In It’s Complicated Meyers shifts west to California. Her character, our heroine this time, is 69-year-old Jane Adler, aka Meryl Streep. Long divorced with three, mostly grown children, she lives in a hacienda-ish home and owns and operates a thriving Parisian style patisserie in Santa Barbara.

While white slipcovers are a no-brainer these days, a predictable, washable option for a lived-in family room, Myers drops a bombshell when she accessorizes with intense orange contrasted with a pop of navy.

So what does this say about our heroine? Well, if we consulted Carl Jung, the Swiss psychiatrist who founded analytical psychology, about the properties and meanings of color in our lives—colors have qualities that elicit emotions and influence people in various ways. In this case the color orange demonstrates optimism, enthusiasm, self-confidence and agreeableness. Whew. That’s Jane to a tee.

So why that pop of navy? Because navy blue evokes feelings of power and authority–rather than the sense of relaxation and peace associated with  lighter shades of blue. Darker shades of blue tend to denote authority and importance.  No doubt who’s the boss here.

Value/Light

Lighting is a critical element of interior design. It can be used in dozens of ways to change the size and mood of a space and different types of lighting vary greatly in how they define the ambience of an area.

In the movies, lighting takes on a whole new dimension. It is a science and an art to make a room or a scene visible in a way that is not only illuminating, but also contributes to the “mood.”  Without adequate lighting all the other elements would vanish.

In this photo from The Intern we can see various forms of lighting from task—the kitchen pendant in the background—to ambient,  the Lindsey Adelman light fixture that hangs above the dining table—to accent, where she uses a George Nelson Bubble lamp for illumination on the console. This is a design trifecta!

Space

Space is a fairly simple design element to understand—it refers to the physical boundaries of a room.

When you are Nancy Meyers you get to choose both the dimensions of the room you are filming and how to use that area’s space and layout to your advantage.

Meyers gets a lot of credit for the popularity of open concept floor plans. In an open concept plan the walls between rooms are removed—giving them a lofty or open feel—negative space, in contrast to the areas filled with décor, islands, sofas, and tables that represent positive space. I think that is a “What came first, the chicken or the egg?” situation, but there is no question that her kitchens are phenomenal and wide open. In Something’s Gotta Give note how the kitchen with its two massive islands opens into an equally massive family room.

Texture

Our final element of design is texture which is the feel, appearance, or consistency of a surface and can refer to rough or smooth finishes, glossy or dull surfaces, and soft or coarse textiles. Everything from fabrics and furniture to decorative accessories brings different textures into a space.  Texture is often used to provide an added dimension to a space.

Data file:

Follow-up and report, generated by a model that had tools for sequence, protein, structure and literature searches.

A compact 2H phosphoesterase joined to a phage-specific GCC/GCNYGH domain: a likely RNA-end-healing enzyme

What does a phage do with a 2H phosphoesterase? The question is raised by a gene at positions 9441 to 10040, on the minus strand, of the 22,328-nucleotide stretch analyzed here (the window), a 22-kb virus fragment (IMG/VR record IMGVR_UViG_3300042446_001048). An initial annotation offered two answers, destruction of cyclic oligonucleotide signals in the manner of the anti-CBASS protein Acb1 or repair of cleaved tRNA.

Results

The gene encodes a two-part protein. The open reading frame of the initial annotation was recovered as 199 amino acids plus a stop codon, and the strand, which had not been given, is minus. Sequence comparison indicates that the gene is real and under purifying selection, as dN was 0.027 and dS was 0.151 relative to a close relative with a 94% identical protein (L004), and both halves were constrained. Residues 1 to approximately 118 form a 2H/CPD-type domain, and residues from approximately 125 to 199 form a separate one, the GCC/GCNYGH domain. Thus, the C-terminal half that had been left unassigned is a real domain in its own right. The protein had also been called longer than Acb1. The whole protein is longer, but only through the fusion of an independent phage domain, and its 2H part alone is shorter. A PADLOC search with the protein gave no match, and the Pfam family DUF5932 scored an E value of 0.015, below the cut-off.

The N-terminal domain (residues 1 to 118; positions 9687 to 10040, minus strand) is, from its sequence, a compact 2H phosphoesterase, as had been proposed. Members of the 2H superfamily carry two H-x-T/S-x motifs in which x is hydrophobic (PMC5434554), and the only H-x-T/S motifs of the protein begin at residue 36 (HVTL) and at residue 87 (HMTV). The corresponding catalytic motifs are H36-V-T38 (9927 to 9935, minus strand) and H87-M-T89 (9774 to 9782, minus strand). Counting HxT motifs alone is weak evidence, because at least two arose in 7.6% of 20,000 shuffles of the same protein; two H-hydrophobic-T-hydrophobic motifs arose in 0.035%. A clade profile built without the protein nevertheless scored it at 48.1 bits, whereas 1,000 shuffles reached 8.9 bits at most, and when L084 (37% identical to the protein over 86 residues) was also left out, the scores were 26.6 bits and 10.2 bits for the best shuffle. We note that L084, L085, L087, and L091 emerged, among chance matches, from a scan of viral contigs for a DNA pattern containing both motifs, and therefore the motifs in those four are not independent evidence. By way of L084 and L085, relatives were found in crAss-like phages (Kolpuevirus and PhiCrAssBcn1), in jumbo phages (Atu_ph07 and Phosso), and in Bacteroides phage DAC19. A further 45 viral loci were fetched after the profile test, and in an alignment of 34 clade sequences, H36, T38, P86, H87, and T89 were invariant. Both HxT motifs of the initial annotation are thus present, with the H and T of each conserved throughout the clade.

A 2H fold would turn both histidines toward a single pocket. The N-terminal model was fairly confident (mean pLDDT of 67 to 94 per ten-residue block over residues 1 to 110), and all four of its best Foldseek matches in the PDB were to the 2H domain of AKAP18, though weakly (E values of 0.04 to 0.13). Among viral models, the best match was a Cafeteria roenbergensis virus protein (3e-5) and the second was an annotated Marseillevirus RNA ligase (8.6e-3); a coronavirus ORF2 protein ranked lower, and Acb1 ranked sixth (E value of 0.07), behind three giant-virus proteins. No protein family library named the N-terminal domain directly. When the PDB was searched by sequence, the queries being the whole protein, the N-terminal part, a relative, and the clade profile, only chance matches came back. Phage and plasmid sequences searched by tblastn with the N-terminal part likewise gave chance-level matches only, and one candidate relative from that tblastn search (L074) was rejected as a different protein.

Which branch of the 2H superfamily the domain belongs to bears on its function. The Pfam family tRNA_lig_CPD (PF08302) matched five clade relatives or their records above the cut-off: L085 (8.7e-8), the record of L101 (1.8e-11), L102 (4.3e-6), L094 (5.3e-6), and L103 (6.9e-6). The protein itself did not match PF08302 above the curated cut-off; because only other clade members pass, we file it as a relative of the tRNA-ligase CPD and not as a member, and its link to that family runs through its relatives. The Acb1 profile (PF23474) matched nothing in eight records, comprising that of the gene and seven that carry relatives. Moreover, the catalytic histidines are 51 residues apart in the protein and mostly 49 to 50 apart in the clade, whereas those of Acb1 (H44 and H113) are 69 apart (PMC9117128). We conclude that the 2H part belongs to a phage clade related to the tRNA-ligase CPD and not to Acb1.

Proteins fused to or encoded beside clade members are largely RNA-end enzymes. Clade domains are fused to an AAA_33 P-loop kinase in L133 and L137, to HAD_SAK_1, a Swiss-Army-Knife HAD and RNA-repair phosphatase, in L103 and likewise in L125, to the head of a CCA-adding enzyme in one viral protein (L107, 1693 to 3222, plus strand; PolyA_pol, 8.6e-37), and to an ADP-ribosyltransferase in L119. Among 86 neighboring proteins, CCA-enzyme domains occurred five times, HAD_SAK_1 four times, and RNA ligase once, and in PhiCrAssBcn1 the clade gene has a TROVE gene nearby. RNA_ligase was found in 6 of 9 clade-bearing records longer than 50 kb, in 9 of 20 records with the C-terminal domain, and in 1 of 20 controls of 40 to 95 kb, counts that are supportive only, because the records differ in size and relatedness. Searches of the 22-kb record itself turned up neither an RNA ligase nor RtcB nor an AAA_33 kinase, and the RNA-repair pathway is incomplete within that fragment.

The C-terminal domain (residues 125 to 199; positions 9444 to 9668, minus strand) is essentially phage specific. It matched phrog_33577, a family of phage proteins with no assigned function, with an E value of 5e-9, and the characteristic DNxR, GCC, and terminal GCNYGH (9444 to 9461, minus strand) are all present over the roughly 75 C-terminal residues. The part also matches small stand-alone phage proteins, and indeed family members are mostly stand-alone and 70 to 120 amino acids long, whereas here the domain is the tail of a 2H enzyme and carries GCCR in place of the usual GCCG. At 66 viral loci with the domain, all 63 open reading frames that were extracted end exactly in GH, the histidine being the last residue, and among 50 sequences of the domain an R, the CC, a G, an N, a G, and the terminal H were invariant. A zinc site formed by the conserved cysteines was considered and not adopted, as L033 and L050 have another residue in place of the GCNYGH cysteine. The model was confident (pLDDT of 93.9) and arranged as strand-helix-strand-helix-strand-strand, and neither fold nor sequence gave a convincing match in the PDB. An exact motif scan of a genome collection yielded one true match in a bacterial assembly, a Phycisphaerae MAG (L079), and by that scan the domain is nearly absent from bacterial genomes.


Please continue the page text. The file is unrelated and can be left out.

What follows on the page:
While some may bemoan the neutral palate of many a Nancy Meyers’ flick, she always makes sure to shake things up with a ton of texture: plush rugs, linens, velvets…you name it, she’s got it in there somewhere.

For example, in Jane Adler’s cozy bedroom in It’s Complicated Meyers showcases mixed and matched antiques and finishes with aplomb. Then there are bamboo blinds layered under linen curtains, an upholstered headboard layered with Euro shams and snow white sheets and pillows, and what looks like a homespun linen khaki coverlet layered with a knitted tangerine colored throw. The result? A cozy and warm haven. What woman wouldn’t want that?

Meanwhile this woman had to come up with a new recipe for a Christmas Eve dinner that was easy to make but elegant to serve. Fortunately Melissa Clark, acclaimed food writer for The New York Times published this recipe just before Christmas and saved the day. And I mostly followed the recipe so it tasted amazing–it was meant to serve 8 and Keith and I nearly finished it off! Full disclosure I did not have fresh (or even dried) tarragon so I used a shake of thyme and we used regular pie crust instead of puff pastry because the latter was sold out. Next time (maybe New Year’s Eve even) I will make sure to have both on hand but honestly it was really good just the way I made it…

 

Feast of the Seven Fishes Pie

INGREDIENTS

  • 6 tablespoons unsalted butter
  • 2 large leeks, white and light green parts only, halved and thinly sliced (4 cups)
  • 2 teaspoons kosher salt
  • 1 garlic clove, minced
  • 2 anchovies, minced
  • ½ cup dry white wine or dry vermouth
  • ¼ cup all-purpose flour, more for rolling out pastry
  • ¾ cup chicken stock
  • ½ cup clam juice
  • 1 pound mixed mild fish fillets, cut into 1 1/4-inch thick cubes (such as cod and pollock)
  • ½ pound large shelled shrimp (16 to 20 count)
  • ½ pound large sea scallops, side muscle removed
  • 1 cup frozen peas
  • 1 tablespoon chopped tarragon
  • 1 tablespoon chopped parsley
  • 2 tablespoons drained capers, chopped
  • 1 large egg
  • 1 pound puff pastry, thawed
 

PREPARATION

  1. Butter a shallow 1 1/2-quart baking dish or casserole. Melt 2 tablespoons butter in a large skillet over medium-high heat, then stir in leeks and 1 teaspoon salt, and cook until soft, stirring frequently, 5 to 7 minutes. Stir in garlic and anchovies and cook 1 minute, until the anchovies dissolve. Add wine and bring to a boil, then let simmer until the wine evaporates almost completely. Remove from heat and scrape into a heatproof bowl.